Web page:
On rotating lubricated machinery oil cleanliness, oil sampling, and oil analysis are generally recognized as the cornerstones for what’s known as “reliability centered maintenance.” For this reason most manufacturers of powertrain components and industrial gearboxes specify oil cleanliness levels in their warranty, but few make provisions for implementing the necessary maintenance procedures. That’s why you need to know about kidney-loop filtration.
For installations that work 24/7, the best choice for extending the service life of a critical gearbox is a kidney-loop filtration unit; the oil dialysis machines for lubricated machinery. Most discussions on this system will focus on the filtration unit, and not on the gearbox it services. A more meaningful discussion will start with the gearbox and lubricating oil, ending with the filtration system that best meets the requirements of the job.
For most gearboxes mechanical reliability starts with an air breather that vents the inside air space to the outer atmosphere. Without a clean and well-functioning air breather daily temperature fluctuations can generate a pressure rise or a vacuum inside the gearbox. Both are a leading cause of premature seal failure, and too often the original air breather is not up to the job. Figure 1
Generally the vent port is also used for the oil fill port, and it is the only access port on top of the gearbox. In addition to this top port there will be one or more bottom drain plugs, and possibly a side port with a sight glass to check the oil level for the safe and continuous operation of the gearbox.
A kidney-loop filtration system is totally independent of the designed lubrication system for the gearbox. It can be turned on or off, or it can run continuously without compromising the lubrication requirements of the gearbox. When turned on the kidney-loop system must insure that the oil removed from the gearbox for polishing is returned at precisely the same rate. To add the benefits of this filtration system to any gearbox there are three prerequisites: a high-quality air breather to protect the air space above the oil; an oil outlet at the bottom of the gearbox for the suction hose to the filtration unit; and an oil inlet on top of the gearbox for the return hose from the filtration unit.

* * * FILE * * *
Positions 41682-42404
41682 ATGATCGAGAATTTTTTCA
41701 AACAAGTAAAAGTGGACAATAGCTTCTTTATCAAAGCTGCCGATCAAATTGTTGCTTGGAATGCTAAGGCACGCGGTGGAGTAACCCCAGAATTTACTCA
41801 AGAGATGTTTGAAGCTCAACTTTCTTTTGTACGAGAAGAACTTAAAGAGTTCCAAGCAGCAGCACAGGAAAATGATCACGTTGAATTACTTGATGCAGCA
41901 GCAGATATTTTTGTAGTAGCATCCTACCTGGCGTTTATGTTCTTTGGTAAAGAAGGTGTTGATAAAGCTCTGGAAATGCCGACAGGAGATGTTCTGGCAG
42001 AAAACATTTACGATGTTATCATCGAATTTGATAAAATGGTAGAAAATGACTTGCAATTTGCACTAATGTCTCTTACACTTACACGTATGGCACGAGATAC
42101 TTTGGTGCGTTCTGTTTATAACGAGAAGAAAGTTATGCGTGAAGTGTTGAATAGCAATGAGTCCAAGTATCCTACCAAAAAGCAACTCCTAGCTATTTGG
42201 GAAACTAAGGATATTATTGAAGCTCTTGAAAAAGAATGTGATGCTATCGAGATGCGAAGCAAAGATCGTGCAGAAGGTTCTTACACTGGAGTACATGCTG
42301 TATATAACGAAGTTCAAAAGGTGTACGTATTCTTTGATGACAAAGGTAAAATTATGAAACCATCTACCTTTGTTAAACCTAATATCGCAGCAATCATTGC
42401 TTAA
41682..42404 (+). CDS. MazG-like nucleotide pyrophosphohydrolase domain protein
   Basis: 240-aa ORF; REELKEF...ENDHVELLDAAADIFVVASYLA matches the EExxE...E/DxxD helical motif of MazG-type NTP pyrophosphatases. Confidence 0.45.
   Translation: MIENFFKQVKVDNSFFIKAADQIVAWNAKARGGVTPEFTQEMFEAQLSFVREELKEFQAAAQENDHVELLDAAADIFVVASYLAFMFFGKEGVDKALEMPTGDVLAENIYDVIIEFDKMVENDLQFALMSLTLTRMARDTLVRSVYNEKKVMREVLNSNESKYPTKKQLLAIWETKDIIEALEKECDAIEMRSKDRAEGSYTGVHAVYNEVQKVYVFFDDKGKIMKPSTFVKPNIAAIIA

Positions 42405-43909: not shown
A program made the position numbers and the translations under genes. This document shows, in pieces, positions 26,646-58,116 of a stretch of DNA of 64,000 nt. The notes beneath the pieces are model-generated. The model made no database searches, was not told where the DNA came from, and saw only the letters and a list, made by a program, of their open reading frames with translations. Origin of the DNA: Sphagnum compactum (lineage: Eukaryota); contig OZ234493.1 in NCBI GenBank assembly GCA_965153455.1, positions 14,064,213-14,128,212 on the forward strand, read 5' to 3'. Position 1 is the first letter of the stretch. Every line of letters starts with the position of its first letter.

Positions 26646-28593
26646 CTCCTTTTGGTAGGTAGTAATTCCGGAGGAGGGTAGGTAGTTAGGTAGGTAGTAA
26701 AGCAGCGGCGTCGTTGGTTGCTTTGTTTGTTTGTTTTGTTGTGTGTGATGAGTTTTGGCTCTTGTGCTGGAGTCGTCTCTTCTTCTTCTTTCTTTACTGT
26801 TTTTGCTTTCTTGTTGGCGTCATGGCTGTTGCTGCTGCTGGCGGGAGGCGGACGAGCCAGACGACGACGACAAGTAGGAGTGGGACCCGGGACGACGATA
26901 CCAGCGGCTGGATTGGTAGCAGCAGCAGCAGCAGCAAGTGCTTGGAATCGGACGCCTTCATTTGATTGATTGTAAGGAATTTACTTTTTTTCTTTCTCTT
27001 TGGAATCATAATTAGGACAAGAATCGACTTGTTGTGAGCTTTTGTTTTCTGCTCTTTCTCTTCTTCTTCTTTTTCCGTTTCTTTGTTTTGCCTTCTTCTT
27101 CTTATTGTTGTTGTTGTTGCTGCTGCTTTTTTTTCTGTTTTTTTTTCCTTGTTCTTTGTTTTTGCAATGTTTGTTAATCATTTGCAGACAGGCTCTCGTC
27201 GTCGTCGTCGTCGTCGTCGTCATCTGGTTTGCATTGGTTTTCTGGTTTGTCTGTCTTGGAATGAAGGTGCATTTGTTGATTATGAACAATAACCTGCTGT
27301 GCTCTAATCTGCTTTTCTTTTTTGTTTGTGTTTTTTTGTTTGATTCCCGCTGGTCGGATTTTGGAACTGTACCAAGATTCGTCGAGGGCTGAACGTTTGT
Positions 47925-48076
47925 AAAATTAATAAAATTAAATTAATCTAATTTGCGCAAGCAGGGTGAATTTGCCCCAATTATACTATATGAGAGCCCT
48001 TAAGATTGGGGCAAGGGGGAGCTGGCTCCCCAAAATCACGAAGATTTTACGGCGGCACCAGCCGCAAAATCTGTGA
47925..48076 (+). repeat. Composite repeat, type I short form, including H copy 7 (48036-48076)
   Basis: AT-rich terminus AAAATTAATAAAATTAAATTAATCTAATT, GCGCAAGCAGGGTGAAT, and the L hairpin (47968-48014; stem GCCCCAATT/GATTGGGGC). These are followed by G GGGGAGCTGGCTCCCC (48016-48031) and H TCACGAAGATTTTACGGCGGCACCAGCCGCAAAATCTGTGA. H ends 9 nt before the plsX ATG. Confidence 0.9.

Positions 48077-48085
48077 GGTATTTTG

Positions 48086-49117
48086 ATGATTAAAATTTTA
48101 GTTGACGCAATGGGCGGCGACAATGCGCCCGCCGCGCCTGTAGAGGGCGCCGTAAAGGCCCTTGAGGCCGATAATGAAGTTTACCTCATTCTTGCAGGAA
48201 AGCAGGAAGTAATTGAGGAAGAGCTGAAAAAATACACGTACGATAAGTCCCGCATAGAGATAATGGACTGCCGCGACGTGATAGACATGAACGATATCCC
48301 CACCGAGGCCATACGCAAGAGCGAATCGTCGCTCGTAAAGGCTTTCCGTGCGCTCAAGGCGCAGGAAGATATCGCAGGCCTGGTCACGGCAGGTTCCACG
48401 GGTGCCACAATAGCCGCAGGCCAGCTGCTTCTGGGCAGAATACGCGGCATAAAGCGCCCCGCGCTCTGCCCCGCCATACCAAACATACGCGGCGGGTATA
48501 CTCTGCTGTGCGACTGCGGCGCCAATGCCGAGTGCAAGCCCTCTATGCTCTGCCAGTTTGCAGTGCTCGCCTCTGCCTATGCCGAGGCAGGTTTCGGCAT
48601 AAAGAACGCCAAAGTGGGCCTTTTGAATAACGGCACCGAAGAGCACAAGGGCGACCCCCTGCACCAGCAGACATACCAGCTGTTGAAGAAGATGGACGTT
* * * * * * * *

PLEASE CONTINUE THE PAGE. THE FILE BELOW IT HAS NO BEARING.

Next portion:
Oil Viscosity and Lubricating Oils
A youngster may not have heard of Sir Isaac Newton or viscosity, but he understands fluid mechanics when he chooses the big straw over the skinny one every time. Viscosity is a measure of fluid friction, and it is resistance to flow within a controlled space at a given temperature. A kidney-loop procedure will be most effective when the lubricating oil is in full circulation, at normal operating temperature, at its lowest viscosity, and with the gearbox operating at full load. Figure 2
Working back from the gearbox, the first consideration for an efficient kidney-loop filtration system is the connecting hoses and fittings. The next challenge is using the fewest connections, with limited twists and turns and the shortest hoses. But the biggest challenge is getting the filter cart as close to the gearbox as possible while keeping safety for the service technician, the machinery, and the environment front and center.
Filtration and filter media technology have improved immensely since inline oil filters were first introduced decades ago. At the time it was well understood that a machine would run longer on dirty oil than it would on no oil. Filter heads were fitted with a bypass mechanism to maintain an uninterrupted flow of lubricating oil even when the filter element was plugged with contamination. Today the filter heads used on most filter carts are essentially unchanged.
True kidney-loop filtration is independent of the machine’s normal lubrication system. The logic of this type of system says that a filter in bypass is no longer part of the solution, it’s part of the problem since unfiltered oil is being circulated back to the gearbox.
There will always be a debate over the type and number of filters used on a filter cart. The most common filter carts use two 5-inch diameter spin-on oil filters. The first oil filter is called the prefilter, and the second is called the final filter. Each filter head will have a filter condition indicator and a bypass mechanism, usually rated for 25 psi. When the bypass valve begins to open in the prefilter, unfiltered oil passes through to the final filter. At this point the filter cart is effectively a single-filter unit.